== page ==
NEW DELHI: The fate of the no-confidence notices issued by the Telugu Desam Party (TDP) and YSR Congress appeared uncertain on Monday as Parliament continued to be gridlocked for the 11th straight day since the resumption of the second half of the Budget session.
Though Union Minister for Home Affairs Rajnath Singh said in the Lok Sabha that the government was ready for a debate on all matters, including the no-confidence notices, ruckus in the well of the House by AIADMK prompted Speaker Sumitra Mahajan to adjourn the House for the day.
The sense within the government was TDP and YSRC were seeking to turn the forum of Parliament into a tool to address their respective political compulsions. With key legislative business already done, the government appears ready to reconcile itself with a complete washout of the remaining part of the session.
“We’ve nothing to lose in the competitive politics in Andhra Pradesh.
The BJP has already been branded a villain in the state. If order prevails in the House and the no-trust motion is taken up, the BJP will explain how the Central government has been fulfilling the assurances specified in the Andhra Pradesh Reorganisation Act,” said a Cabinet minister. The Centre can’t open a Pandora’s box by giving special category status to Andhra Pradesh, the minister asserted.
Union minister for state in the PMO Jitendra Singh found it difficult to figure out what the Opposition wanted to achieve by issuing no-confidence notices and creating ruckus in the House at the same time.
On the other hand, senior Congress leader Anand Sharma said: “The no-confidence motion is to expose the government. It demonstrates that the government has lost the enormous trust it had. It is also an opportunity for the Opposition to indict the government for its acts of omission and commission, betrayal of promises it made to the people and its politics of deception.”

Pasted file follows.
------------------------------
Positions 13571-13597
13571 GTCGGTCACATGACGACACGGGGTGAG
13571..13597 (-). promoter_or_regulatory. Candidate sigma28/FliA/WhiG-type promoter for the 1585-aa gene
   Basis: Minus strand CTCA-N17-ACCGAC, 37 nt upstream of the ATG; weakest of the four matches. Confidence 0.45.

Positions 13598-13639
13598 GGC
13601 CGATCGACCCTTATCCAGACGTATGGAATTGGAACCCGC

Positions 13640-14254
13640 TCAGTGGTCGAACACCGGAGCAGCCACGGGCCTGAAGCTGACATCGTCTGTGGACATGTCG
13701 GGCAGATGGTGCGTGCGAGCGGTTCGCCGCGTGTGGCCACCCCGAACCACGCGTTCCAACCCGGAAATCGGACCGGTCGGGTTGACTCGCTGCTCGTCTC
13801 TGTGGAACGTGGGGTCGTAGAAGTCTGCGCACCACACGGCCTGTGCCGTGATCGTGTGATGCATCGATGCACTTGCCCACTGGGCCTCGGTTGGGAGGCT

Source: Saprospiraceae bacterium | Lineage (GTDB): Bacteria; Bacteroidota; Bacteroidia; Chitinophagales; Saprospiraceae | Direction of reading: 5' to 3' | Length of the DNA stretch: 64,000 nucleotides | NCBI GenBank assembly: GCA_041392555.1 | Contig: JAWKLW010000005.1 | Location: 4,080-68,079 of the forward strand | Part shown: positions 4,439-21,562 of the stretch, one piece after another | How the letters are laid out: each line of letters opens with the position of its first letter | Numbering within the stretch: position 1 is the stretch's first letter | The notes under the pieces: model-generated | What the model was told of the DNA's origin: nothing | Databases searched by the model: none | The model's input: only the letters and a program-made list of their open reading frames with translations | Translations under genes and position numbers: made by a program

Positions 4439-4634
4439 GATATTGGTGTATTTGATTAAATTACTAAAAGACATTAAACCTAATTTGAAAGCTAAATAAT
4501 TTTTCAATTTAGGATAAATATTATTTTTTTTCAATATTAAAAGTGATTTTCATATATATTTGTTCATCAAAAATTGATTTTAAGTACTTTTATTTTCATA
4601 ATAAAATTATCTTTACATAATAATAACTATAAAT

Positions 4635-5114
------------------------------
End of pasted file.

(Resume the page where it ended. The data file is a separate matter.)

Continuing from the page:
However, the Opposition seemed divided in taking the no-trust move forward. Samajwadi Party national general secretary Ram Gopal Yadav said though they wanted discussion on the motion, “the government seems to have managed the AIADMK.” Incidentally, AIADMK members have been camping in the well of the House on the Cauvery issue.
● Should the House be in order to take up the no-trust notice or is it enough for the notice to be in order?
● Constitutional experts are divided. While some say if the paperwork for the notice is in order, the Speaker can take it up amid ruckus in the House, others say the House has to be in order to transact any business
● If at least 50 members stand up in support of the motion, the Speaker can decide the date and time for the debate
● But when members are standing at their seats and in the well creating ruckus, it could be difficult to count the 50 members standing in support of the motion